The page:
On Aug. 13, a top official confirmed that the U.S. Federal Reserve is preparing for a digital currency.
Lael Brainard, a member of the Federal Reserve Board of Governors since 2014, told an audience last week that the Federal Reserve was experimenting with “a hypothetical digital dollar for research purposes,” according to Bloomberg.
Brainard also said the Federal Reserve was partnered with research teams from the Boston Federal Reserve and the Massachusetts Institute of Technology (MIT) in a “multi-year effort to build and test a hypothetical digital currency oriented to central bank uses.”
The challenges for a “digital dollar” include security and privacy concerns for a technology that would reach hundreds of millions of people and could easily see billions of transactions per day.
This Fed-enabled digital dollar will also be designed with an ability to bypass the banking system.
Imagine a network of consumer digital wallets — perhaps associated with a government ID, like a social security number — with an ability to receive digital dollar deposits directly from the central bank, or conversely to have digital dollars taken out.
Bypassing the banks would be game-changing on multiple fronts.
In terms of distributing stimulus or emergency funds, the U.S. government and Federal Reserve would have a level of fine-tuned control like never before. Payments could be sorted out by income level, employment status, geographical location, or any number of other things.
Digital dollars would likely also be programmable in and of themselves, allowing for instant tax payments at the point of sale. Tax refunds and rebates could be instant, too.
And attempts to purchase a restricted item — like, say, a firearm without proper background clearance — could be automatically denied.
In many ways, programmable digital money would be a fantasy come true for economists. This is because economists believe economies are driven by human behavior, and human behavior is driven by incentives, and all kinds of incentives could be built into digital money.
Imagine, for example, a maximum limit on the loan-to-value (LTV) ratio of home mortgages, designed to prevent future housing bubbles.
If such limits were programmed into the digital currency, as a form of “smart contract,” the transaction would not go through for a loan amount deemed too large.
Economists, political leaders, and central bank officials could then use the “smart contract” feature of digital dollars to tweak or massage incentives in all sorts of ways.
For example, fossil fuel use might be embedded with a higher VAT (value-added tax) surcharge than green energy use. Buying sugary cereal might create a small debit, whereas buying broccoli creates a small credit. And so on.
In addition to the above, all transactions would be instantly available for review, or easily aggregated into “big data” analysis patterns. This would give the Federal Reserve unprecedented new levels of visibility into the current state of the economy.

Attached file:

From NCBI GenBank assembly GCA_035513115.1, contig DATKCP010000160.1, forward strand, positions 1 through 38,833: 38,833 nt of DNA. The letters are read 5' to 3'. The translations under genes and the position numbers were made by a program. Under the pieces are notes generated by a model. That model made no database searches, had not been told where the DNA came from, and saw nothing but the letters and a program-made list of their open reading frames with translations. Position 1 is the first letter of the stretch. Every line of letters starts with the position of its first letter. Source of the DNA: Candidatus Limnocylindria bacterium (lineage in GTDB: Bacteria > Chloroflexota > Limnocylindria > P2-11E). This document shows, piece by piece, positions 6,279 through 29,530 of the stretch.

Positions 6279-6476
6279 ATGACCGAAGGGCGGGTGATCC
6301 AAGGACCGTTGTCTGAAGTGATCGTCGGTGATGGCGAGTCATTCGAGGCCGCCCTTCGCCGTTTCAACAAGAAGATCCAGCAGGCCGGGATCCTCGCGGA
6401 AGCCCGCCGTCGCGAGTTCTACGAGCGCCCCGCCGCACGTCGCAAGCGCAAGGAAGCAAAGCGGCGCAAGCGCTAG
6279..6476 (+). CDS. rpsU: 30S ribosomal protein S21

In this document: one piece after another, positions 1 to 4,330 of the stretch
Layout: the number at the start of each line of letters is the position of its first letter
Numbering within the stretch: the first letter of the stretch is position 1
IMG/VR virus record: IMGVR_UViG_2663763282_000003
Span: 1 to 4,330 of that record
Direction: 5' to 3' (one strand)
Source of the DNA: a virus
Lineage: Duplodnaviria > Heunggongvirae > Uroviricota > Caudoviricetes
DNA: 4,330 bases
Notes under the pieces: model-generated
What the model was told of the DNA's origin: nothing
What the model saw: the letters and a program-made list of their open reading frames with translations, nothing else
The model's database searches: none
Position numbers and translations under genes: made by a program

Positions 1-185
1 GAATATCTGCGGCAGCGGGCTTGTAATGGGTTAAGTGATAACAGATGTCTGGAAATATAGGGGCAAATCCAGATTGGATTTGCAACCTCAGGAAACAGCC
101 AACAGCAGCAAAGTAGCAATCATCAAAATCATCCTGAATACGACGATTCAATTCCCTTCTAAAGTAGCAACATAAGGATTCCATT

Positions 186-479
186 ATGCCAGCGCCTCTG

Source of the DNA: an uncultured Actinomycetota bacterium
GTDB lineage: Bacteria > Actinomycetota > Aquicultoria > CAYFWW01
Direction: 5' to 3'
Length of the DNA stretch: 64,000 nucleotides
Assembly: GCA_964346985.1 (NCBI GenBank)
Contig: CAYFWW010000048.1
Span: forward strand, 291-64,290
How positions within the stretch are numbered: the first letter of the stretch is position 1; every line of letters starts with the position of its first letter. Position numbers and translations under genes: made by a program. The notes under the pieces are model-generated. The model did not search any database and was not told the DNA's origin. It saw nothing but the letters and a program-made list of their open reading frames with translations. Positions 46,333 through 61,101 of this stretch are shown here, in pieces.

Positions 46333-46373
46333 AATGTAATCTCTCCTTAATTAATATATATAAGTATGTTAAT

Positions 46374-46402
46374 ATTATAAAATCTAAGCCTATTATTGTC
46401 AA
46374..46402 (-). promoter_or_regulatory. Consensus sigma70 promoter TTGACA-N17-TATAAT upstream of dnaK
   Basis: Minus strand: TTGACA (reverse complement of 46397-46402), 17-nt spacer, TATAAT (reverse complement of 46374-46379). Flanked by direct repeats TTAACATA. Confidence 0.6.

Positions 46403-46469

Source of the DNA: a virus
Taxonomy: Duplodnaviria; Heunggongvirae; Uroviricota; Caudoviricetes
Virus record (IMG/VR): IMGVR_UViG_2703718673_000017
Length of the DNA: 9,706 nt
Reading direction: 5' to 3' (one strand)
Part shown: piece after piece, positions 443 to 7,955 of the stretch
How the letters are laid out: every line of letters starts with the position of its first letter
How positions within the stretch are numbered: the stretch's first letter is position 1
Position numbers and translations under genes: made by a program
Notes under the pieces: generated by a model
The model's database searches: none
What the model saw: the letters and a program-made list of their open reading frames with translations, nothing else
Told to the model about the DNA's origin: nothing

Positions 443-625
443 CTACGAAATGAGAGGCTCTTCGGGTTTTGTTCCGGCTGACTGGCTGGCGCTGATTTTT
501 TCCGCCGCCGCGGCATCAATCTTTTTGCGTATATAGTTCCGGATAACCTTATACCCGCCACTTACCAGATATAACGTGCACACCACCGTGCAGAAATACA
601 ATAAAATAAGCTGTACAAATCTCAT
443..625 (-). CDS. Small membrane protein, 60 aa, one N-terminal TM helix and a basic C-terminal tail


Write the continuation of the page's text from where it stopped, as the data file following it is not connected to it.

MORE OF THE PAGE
With programmable digital currency, and the ability to adjust lending parameters and other incentives via smart contracts, it could even become possible for the Fed to enact different versions of monetary policy for one part of the country versus another. In the Western states where inflation is running hot, the Fed could have tighter policy; in the Southeast where the economy is more stagnant, the Fed could have looser policy instead. And all conditions could be monitored, and modeled, in real time.
Programmable digital currency would also be a kind of monetary panopticon, spying on everything you do by way of transaction data. The use of digital wallets, and accounts linked to a government ID, would thus further tighten any government’s grip on its citizens.
All of this explains why digital currency is absolutely coming, not just for the United States, but for all industrialized countries. The hypothetical power, visibility, and control inherent in such a tool will prove impossible to resist.
This is why central banks everywhere are either running in-depth experiments, launching full-fledged digital currency initiatives, or even preparing to fine-tune and scale a prototype digital currency as rapidly as possible. China is well ahead of the game in this regard.
The rise of central bank digital currencies, or CBDCs for short, will not be a stumbling block for Bitcoin. In fact, it will likely be the opposite. The prevalence of CBDCs will make Bitcoin all the more desirable as a non-state-controlled alternative.
The coming digital dollar, call it the “smart dollar,” will be far more versatile and powerful than the old dumb dollar. The smart dollar will have encoded instructions as to where it can go and what it can do — and those instructions will be upgraded by policymakers in real time.
But a smart dollar will still be a fiat dollar, meaning, the Federal Reserve will maintain the ability to create trillions of new ones any time it chooses. That means the same old supply and demand issues — and the trouble of too much supply — will be as big a problem as ever.
Bitcoin, meanwhile, will remain “outside the system” to the extent no central bank, or any other form of centralized authority, will be able to control it. And Bitcoin will remain permanently limited in supply, due to built-in mathematical rules.
In many ways, the dawning of CBDCs — like the coming digital dollar — will be a good thing. In various other ways, however, a central-bank-issued digital currency will range from nuisance to nightmare.
Bitcoin is likely to be a welcome alternative, and a natural vehicle for saving and storing wealth — via the routine sweeping of assets into BTC — whereas a local CBDC used in day-to-day transactions might be kept on hand in smaller amounts, as a form of petty cash.